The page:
Considering the needs of each family member does not mean in any way that the betrayal is to be swept under the rug or just forgotten. Not at all. Considering the needs of others will help set goals and motivate future efforts, whatever they may be.
5. Open-minded. Willingness to consider the broad context in which the infidelity occurred versus a single black and white view of the infidelity event
Infidelity is only a single aspect of a marriage or committed relationship. There are many other aspects that need to also be taking into consideration.
Naturally, when the truth of the betrayal breaks upon the relationship, the shock and hurt is overwhelming.
However, over time the victim needs the strength of character and position of honesty to also consider the needs and circumstances in which the betraying partner committed his or her acts of betrayal.
Doing so does not in any way diminish the responsibility that the betraying partner has for his or her shocking and bad behavior. Rather, it is an acknowledgment that even the betraying partner has a legitimate position as does the victim, even if it is not agreed with and that this right to an explanation must be acknowledged.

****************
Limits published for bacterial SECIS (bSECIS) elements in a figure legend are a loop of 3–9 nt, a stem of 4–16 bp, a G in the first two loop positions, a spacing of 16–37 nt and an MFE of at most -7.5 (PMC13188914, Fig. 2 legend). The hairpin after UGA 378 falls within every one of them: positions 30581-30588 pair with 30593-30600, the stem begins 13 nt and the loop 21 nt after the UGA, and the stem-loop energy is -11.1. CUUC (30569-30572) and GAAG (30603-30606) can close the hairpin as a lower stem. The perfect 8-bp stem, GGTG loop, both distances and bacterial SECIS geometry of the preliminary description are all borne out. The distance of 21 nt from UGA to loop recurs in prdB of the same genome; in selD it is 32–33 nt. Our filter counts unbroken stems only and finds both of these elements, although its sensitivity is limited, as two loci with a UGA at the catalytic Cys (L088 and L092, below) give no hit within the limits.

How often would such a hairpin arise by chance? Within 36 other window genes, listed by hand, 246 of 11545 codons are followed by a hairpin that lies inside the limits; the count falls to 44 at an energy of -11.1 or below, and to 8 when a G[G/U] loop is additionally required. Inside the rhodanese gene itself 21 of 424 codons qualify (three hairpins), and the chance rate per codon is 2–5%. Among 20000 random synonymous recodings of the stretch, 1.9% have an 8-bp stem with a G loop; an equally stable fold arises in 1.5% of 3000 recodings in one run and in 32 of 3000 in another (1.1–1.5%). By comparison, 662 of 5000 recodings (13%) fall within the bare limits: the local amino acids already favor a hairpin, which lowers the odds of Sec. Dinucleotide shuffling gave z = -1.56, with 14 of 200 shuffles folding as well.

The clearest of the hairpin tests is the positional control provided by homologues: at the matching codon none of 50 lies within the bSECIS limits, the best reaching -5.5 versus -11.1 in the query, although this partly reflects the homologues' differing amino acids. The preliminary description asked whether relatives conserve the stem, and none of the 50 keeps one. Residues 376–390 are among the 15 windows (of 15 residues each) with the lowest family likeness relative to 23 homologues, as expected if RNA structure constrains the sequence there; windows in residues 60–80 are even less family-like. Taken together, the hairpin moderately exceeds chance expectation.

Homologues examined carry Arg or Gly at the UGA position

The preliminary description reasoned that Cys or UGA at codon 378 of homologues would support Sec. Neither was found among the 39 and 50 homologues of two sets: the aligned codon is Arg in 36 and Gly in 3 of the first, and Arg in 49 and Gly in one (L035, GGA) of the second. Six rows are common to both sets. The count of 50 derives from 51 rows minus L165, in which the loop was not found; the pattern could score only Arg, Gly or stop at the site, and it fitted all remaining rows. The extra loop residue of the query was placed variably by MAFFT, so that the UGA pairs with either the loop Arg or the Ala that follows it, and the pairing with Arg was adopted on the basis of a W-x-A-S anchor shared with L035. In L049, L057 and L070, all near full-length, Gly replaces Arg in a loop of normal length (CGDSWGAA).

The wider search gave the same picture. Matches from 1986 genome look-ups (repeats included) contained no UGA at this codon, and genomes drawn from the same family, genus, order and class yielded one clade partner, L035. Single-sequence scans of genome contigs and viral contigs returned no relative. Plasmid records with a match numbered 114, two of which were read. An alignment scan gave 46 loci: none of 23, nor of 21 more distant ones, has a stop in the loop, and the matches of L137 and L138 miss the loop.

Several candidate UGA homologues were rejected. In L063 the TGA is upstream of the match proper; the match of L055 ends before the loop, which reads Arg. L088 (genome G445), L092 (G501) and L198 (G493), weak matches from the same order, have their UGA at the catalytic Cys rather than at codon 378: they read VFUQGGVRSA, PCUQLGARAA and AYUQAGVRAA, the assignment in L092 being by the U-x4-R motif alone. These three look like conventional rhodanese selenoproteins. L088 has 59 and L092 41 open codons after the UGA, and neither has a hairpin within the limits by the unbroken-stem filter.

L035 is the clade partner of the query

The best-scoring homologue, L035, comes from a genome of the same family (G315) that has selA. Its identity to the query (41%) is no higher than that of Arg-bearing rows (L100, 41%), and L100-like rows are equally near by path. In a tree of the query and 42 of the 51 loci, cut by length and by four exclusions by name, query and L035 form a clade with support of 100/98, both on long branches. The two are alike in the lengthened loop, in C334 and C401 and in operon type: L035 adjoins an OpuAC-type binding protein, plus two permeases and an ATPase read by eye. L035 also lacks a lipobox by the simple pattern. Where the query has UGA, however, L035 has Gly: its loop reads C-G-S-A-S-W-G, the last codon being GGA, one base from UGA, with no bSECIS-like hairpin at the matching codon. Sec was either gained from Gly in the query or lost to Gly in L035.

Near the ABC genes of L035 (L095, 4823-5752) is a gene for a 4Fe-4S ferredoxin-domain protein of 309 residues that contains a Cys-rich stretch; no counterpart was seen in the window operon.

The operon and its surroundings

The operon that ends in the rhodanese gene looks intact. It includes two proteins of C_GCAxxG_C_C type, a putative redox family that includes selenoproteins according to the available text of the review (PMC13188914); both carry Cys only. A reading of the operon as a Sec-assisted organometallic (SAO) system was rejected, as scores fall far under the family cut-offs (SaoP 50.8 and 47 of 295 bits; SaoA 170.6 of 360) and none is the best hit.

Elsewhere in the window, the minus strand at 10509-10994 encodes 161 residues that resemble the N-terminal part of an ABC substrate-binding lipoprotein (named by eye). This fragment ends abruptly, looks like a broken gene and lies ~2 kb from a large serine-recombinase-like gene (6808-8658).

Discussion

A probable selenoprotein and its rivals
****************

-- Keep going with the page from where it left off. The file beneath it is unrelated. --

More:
Infidelity is a shared experience. It is not at all like the impression that is conveyed with the well-known saying, ‘What happens in Las Vegas, stays in Las Vegas.’ No, it does not stay in Las Vegas!
Rather, infidelity is like a virus. And like a virus, it spreads from individual to individual. Everyone becomes sick.
And since everybody gets sucked into the after effects once infidelity is known, everyone has a role to play — both the betrayer and the victim — if relationship recovery is to be a relationship reality.
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About the author
Abe Kass, MA, RSW, RMFT, CCHT., is a Registered Social Worker, Registered Couple and Family Therapist, Certified Hypnotherapist, and award-winning Educator. He has a busy clinical practice in Toronto, Canada and throughout the world using the phone or Zoom.
After many years of clinical practice and research, Abe concluded that practical solutions requiring a focused effort of no more than a few minutes a day for very specific relationship problems were critically needed. GoSmartLife Publishing House has been created to fill this need.